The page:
15 June 2010

what's it good for


"Although the GED establishes cognitive equivalence on one measure of scholastic aptitude, recipients still face limited opportunity due to deficits in noncognitive skills such as persistence, motivation and reliability. The literature finds that the GED testing program distorts social statistics on high school completion rates, minority graduation gaps, and sources of wage growth. Recent work demonstrates that, through its availability and low cost, the GED also induces some students to drop out of school."

That would seem to indicate that the attainment of a set of skills and common knowledge base is less relevant than the method of attainment of those skill sets (and the knowledge can be thrown away at the earliest opportunity anyway). Which means we probably don't do a very good job educating for a set of skills and knowledge.

More here.
The bloggingheads segment, as usual, has some interesting discussion. The highlight is the discussion of the mandating of students taking algebra II in high schools all across the country. Followed by the fact that less than 10% of jobs actually use anything at all from algebra II coursework. I use some of it for my statistical normalizing, I think. But it's more the logical framework of algebraic formulas that I use than conducting log functions and so on.

That naturally brings forward that we probably should be educating people with more practical skill sets and letting people with a genuine interest in something somewhat esoteric like higher end algebra and mathematics pursue those interests on their own initiative. Forcing people to study things that they intuit that they probably won't ever use or need, and that they don't take to either is probably not a very good way to get people to complete a rudimentary high school education. I agree that sounds like "dumbing it down" to take it out as a requirement. But I'd argue that if it's not useful even for a supposedly growing technical economy like ours, what difference would it make? And if it seems like basic socialising, real job skills, and the non-mandated subjects but potentially equally interesting like history or civics are abandoned to set a standard of "everyone takes this course and must master it's skill sets" it is probably self-defeating standard and should be abandoned. We have only limited resources to provide a primary education as it is. It might be better if we tried to understand student perspectives and occupational incentives than to continue using a rigorous liberal arts set top-down imposed by educators. I certainly like rhetoric and history and so on, but that doesn't mean everyone else does.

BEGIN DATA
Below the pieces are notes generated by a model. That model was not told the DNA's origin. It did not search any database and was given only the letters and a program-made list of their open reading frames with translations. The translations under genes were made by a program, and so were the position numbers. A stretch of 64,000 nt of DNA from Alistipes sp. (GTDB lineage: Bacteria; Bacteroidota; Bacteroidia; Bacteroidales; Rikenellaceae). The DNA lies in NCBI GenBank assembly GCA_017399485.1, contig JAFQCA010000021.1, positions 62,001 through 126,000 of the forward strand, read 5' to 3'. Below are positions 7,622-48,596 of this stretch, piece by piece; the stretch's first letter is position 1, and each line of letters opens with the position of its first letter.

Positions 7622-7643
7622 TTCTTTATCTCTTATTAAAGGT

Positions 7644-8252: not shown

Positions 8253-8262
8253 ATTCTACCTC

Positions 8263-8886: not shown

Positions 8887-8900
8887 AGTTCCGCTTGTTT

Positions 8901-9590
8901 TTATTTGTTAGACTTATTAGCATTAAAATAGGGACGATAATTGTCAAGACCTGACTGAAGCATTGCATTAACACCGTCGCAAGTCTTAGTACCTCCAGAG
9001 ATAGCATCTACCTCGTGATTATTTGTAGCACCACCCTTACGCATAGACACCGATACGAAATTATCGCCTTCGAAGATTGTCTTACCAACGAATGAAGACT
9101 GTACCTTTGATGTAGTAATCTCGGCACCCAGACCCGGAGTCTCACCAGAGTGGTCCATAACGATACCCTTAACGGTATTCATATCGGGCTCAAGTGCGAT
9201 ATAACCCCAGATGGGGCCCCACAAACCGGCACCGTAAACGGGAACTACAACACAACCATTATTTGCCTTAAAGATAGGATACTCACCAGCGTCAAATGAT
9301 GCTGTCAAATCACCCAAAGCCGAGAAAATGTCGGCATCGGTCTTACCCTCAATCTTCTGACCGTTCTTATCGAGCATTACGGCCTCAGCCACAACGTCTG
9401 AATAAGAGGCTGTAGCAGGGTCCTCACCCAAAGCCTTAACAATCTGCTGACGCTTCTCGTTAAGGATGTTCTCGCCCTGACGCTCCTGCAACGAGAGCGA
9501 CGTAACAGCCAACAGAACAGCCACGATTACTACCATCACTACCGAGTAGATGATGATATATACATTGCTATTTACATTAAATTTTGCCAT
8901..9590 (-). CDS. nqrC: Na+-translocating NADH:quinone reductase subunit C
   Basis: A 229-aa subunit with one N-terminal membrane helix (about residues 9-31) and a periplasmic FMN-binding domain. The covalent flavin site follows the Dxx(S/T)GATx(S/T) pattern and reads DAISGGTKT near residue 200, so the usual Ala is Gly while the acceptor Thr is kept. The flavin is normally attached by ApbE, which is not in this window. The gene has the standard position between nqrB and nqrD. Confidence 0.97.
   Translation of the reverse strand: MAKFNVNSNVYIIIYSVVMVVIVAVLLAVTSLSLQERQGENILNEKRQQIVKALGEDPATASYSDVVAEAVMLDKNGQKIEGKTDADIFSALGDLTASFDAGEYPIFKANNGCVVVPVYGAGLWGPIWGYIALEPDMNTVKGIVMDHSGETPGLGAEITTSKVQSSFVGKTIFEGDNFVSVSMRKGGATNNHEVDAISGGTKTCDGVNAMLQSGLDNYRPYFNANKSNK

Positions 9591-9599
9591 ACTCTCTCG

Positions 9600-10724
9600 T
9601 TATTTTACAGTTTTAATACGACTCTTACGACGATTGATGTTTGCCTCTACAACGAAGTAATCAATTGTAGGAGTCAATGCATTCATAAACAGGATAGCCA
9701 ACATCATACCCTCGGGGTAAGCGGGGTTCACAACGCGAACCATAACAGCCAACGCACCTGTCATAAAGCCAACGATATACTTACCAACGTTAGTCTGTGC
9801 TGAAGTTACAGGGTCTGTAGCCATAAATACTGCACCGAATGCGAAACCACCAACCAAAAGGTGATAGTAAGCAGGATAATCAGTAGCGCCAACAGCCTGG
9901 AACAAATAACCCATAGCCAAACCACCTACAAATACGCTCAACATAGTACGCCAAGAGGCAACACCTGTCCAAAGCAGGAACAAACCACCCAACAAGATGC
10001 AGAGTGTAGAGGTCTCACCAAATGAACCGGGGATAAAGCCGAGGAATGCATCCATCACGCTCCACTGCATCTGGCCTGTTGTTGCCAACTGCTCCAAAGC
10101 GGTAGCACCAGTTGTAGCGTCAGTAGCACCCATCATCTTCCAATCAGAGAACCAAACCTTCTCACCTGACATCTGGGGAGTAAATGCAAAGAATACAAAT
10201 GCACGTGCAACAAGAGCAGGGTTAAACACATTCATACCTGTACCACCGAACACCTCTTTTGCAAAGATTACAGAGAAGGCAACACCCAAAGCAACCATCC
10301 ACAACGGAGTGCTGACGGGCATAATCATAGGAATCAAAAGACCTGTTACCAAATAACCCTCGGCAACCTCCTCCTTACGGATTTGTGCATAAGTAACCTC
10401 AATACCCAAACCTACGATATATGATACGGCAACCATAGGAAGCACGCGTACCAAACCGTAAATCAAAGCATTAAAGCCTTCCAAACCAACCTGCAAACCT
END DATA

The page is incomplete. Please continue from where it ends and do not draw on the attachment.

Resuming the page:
If we are going to use the educational system to standardise the educational materials, then we should really have to argue over the standards being used to decide what material gets used. If that material doesn't actually conform to a perceived goal of imparting necessary skills, then what good is it actually serving and for whom?
Post a Comment